Suez traffic returned to normal after the ship was briefly stranded

CAIRO, May 25 (Reuters) – Tugboats rescued a large ship that had been stranded for hours in the Suez Canal on Thursday, and shipping through one of the world’s busiest waterways was back to normal, sources said.

Two canal sources said traffic had returned to normal at 11:00 a.m. local time (0800 GMT), about six hours after the incident and three and a half hours after the ship refloated.

Shipping agent Leth Agencies identified the 190-meter (623-foot) Xin Hai Tong 23 as a bulk carrier.

“The Suez Canal Authority has successfully recovered M/V XIN HAI TONG 23 at 0740 hours (0440 GMT). The northbound convoy will enter at 0930 hours,” it said in a tweet.

In a statement, canal officials said they were informed of the engine failure and dispatched tugboats to successfully retrieve the vessel. The process was slightly delayed due to malfunction of the ship’s winch, they added.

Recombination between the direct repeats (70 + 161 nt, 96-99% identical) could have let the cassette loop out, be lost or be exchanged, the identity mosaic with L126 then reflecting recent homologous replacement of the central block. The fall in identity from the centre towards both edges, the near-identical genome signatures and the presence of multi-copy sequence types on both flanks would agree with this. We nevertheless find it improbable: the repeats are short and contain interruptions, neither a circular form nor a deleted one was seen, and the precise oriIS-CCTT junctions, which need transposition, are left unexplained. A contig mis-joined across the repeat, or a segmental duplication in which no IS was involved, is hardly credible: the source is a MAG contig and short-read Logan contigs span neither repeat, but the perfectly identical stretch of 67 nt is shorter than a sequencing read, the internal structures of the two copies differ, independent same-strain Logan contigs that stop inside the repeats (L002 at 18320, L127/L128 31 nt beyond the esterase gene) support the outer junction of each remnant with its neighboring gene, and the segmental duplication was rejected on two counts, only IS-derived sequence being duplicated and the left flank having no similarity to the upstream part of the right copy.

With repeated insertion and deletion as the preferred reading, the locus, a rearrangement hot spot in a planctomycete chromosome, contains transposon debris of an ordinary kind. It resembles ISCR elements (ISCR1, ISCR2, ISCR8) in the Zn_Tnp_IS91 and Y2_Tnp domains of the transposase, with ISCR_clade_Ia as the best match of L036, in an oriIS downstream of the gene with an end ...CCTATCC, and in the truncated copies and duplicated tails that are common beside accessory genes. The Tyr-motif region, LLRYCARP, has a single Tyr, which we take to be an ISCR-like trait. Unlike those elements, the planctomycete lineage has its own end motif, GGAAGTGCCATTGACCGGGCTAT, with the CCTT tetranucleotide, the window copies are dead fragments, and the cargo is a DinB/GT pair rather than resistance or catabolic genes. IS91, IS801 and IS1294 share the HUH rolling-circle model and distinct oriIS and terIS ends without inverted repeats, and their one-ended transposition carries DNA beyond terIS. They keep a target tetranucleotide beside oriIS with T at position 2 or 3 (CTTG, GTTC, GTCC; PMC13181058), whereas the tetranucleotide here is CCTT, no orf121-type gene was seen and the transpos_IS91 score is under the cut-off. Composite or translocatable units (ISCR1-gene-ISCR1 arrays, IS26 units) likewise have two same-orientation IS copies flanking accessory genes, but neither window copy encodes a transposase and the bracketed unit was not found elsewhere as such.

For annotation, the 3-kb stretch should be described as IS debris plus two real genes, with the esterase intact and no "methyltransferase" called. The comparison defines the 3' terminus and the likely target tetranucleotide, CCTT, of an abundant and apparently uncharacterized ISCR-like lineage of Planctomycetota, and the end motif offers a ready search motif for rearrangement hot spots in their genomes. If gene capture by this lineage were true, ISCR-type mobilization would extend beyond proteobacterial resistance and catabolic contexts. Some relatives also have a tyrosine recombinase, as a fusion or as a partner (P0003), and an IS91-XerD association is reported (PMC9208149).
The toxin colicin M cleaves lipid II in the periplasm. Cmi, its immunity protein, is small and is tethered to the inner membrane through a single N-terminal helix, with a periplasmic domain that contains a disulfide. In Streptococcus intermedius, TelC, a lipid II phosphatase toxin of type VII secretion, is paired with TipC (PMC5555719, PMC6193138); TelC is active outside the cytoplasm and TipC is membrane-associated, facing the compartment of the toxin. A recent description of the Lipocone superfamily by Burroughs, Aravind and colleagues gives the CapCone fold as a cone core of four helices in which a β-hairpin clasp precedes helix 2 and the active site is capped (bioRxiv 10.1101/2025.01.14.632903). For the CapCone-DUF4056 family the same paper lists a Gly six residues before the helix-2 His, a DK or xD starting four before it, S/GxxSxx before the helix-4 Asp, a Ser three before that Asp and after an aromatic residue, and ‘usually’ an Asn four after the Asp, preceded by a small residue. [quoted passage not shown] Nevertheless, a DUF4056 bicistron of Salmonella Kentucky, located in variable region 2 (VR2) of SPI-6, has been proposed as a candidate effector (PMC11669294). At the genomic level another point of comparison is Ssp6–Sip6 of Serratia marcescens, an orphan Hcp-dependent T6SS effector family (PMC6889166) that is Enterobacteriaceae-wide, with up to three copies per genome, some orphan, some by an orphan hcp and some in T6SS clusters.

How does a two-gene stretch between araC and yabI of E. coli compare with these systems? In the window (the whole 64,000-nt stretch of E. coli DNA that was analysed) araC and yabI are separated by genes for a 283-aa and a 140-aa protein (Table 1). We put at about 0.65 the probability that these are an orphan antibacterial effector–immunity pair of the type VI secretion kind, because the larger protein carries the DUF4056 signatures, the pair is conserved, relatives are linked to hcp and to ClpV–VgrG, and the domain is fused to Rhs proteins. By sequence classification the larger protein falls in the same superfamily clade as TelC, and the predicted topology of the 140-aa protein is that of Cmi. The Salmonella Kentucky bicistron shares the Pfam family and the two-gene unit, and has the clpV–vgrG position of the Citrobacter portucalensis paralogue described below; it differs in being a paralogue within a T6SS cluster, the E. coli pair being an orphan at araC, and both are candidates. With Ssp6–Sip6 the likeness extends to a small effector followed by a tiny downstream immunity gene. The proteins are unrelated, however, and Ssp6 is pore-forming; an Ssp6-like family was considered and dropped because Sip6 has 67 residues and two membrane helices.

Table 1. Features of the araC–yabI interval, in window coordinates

Canal officials said shipping would return to normal in both directions once the dredging is completed as a precautionary measure.

Leth had previously tweeted that the ship had disrupted the convoys of at least two ships.

Refinitiv Eikon shipping data showed the Hong Kong-flagged vessel “not under command” near the southern end of the channel. It was initially positioned at an angle along the eastern side of the canal, but was later moved towards the center and pointed south. Around it are three Egyptian tugboats.

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The vessel hailed from Dubai port in Saudi Arabia. It is owned by Xiang B12 HK International Ship Charter and managed by Tosco Keymax International Shipping Management.

A 190-meter ship ran aground in Egypt’s Suez Canal on Thursday, rekindling concerns about disruption to global trade along one of the world’s busiest shipping lanes.

Approximately 12% of world trade goes through the canal. During strong winds in 2021, the huge container ship Ever Given ran aground across it, halting traffic in both directions for six days and disrupting global trade.

Last year, tugboats refloated an oil tanker that was briefly grounded in the canal due to a technical fault with its rudder, while a container ship broke down in the canal causing minor delays in March.

Report by Hadem Maher and Ahmad Dolba; Editing by Muralikumar Anantharaman

Our Standards: Thomson Reuters Trust Principles.

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